A picturesque country town, Kelso lies in a fine setting at the junction of the rivers Tweed and Teviot.
Kelso is full of architectural and historic interest. In 1128 David I granted monks permission to build an abbey across the water from his castle, Roxburgh. Even in its fragmented state, this is a superb piece of architecture. To the west, a grassy mound, deep ditch and a few ruined walls are all that remain of the once mighty Roxburgh Castle. James II was killed during a siege here in 1460, by an exploding cannon.
The spacious Kelso Square claims to be the largest in Scotland. At its centre is still the Bull Ring, a reminder of past market days. The square is now host to many specialist shops. The graceful five-arched bridge over the Tweed, built by John Rennie in 1803, was the model for London's Waterloo Bridge.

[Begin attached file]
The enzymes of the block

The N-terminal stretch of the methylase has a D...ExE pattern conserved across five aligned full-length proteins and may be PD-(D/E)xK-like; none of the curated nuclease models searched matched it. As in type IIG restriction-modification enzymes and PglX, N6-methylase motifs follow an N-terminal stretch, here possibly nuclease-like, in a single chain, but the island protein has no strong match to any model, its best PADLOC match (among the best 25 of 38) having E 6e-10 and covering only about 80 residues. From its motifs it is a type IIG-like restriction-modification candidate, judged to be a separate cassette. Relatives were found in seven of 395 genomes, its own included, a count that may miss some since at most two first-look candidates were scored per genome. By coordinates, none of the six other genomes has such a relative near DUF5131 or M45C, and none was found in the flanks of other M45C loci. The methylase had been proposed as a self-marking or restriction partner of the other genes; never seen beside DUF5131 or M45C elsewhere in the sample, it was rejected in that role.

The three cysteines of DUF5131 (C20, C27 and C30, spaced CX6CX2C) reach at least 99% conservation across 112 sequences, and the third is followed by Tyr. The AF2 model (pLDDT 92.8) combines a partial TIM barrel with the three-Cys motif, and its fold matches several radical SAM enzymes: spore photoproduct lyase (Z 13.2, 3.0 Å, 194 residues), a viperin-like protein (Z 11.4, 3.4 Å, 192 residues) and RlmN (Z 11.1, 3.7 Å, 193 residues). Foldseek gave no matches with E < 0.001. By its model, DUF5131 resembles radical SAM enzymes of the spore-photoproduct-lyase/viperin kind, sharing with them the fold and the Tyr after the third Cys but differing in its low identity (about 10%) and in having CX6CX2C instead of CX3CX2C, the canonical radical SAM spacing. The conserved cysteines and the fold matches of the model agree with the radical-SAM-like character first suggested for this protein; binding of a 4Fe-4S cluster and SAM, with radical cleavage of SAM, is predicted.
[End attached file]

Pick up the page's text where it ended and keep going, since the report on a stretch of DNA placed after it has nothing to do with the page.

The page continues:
Floors Castle, Scotland's largest inhabited house, stands in parkland overlooking the Tweed. It holds outstanding collections of paintings, furniture, porcelain and tapestry.
The lively programme of events in the town reflects the predominantly agricultural community, with the Border Union agricultural show, ram and horse sales, Kelso Races, point-to-point and the Scottish Championship dog show. Kelso Civic Week, held in summer, is the town's annual festival, adopting many of the features of the older Border Common Ridings.